One other key step in the conversion process is to make sure that no business contracts or agreements, such as bank documents, leases, licenses, and insurance, will be nullified by your business’s entity change.
The IRS makes clear in a 2004 bulletin that, generally speaking, it will tax a statutory conversion as though the LLC members formally transferred all LLC assets and liabilities to the corporation in exchange for stock, and then immediately liquidated the LLC. However, the specific tax consequences for LLC-to-corporation conversions vary from one case to the next. Because the tax consequences can sometimes be significant, you should consult with a tax adviser before undertaking any conversion.
Other Considerations and Information
Our main concern here has been converting the legal form of your business from an LLC to a corporation. However, if you’re seeking to convert your LLC’s tax status from partnership to corporation without changing the LLC’s legal form, you only need to file IRS Form 8832 (to be taxed as a C corporation) or IRS Form 2553 (to be taxed as an S corporation). (By default, the IRS taxes a multi-member LLC as a partnership and a single-member LLC as a so-called “disregarded entity;” there is no separate IRS tax category for LLCs.) While the IRS forms for changing tax status are fairly straightforward, be aware that this procedure—known as “Check-the-Box”—involves special eligibility criteria; you can find those criteria in the instructions included with the forms.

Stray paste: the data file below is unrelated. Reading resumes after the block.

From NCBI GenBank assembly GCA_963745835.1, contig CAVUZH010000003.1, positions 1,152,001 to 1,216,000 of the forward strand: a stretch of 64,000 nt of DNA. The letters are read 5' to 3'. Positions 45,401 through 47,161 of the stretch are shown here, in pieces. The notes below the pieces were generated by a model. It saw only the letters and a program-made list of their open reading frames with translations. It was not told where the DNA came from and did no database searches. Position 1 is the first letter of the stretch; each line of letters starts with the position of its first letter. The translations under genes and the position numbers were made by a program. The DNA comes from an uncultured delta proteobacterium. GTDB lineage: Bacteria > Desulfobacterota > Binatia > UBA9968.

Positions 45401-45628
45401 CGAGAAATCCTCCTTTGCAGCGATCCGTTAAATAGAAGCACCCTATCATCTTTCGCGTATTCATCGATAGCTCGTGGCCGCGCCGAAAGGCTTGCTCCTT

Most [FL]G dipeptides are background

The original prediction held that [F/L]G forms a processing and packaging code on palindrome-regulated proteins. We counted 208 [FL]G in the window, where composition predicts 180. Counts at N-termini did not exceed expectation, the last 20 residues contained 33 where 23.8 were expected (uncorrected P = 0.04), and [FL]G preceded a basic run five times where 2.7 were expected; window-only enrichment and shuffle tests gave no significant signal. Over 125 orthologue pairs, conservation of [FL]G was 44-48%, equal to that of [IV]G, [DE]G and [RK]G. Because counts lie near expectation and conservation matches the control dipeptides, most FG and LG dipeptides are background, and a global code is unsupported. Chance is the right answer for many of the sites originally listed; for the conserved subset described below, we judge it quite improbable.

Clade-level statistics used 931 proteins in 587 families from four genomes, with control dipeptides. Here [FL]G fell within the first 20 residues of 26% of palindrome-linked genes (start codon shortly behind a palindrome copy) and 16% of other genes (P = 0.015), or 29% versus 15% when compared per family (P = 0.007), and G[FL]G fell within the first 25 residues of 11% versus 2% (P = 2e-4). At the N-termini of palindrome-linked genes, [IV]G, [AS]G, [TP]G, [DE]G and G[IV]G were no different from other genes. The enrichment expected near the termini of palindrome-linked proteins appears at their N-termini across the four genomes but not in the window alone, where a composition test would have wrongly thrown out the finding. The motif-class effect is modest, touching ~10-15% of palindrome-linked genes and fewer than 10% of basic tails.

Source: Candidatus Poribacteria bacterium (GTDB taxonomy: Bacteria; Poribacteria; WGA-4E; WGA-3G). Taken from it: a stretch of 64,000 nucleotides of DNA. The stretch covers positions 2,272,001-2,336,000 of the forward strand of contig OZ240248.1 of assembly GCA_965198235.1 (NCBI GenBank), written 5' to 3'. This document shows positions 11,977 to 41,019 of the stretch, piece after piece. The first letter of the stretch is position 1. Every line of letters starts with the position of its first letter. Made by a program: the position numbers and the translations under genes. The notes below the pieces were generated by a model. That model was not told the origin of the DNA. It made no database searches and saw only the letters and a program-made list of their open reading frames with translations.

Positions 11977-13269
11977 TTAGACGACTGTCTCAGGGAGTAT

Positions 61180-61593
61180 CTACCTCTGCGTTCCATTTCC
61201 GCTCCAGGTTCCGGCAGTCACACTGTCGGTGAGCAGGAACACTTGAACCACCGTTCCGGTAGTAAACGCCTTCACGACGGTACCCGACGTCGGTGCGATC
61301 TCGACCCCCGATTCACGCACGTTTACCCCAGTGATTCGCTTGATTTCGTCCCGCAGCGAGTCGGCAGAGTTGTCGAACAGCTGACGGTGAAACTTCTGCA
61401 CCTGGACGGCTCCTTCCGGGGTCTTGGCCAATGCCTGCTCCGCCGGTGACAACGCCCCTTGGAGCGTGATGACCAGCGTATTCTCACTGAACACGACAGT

Keep in mind that certain considerations may affect the timing of your conversion. For example, if you are converting to a C corporation in order to make your business more attractive to outside investors, you will probably need to convert before any investment occurs. Conversely, if outside investors are not at issue, but the specific nature of your LLC’s assets and liabilities will lead to an undesirable tax burden for the current tax year, you may need to at least temporarily delay the conversion.
For additional guidance on converting from an LLC to a corporation, check Corporations and S Corporations vs. LLCs. For information on conversion rules in other states, check Nolo’s 50-State Guide to Converting an LLC to a Corporation.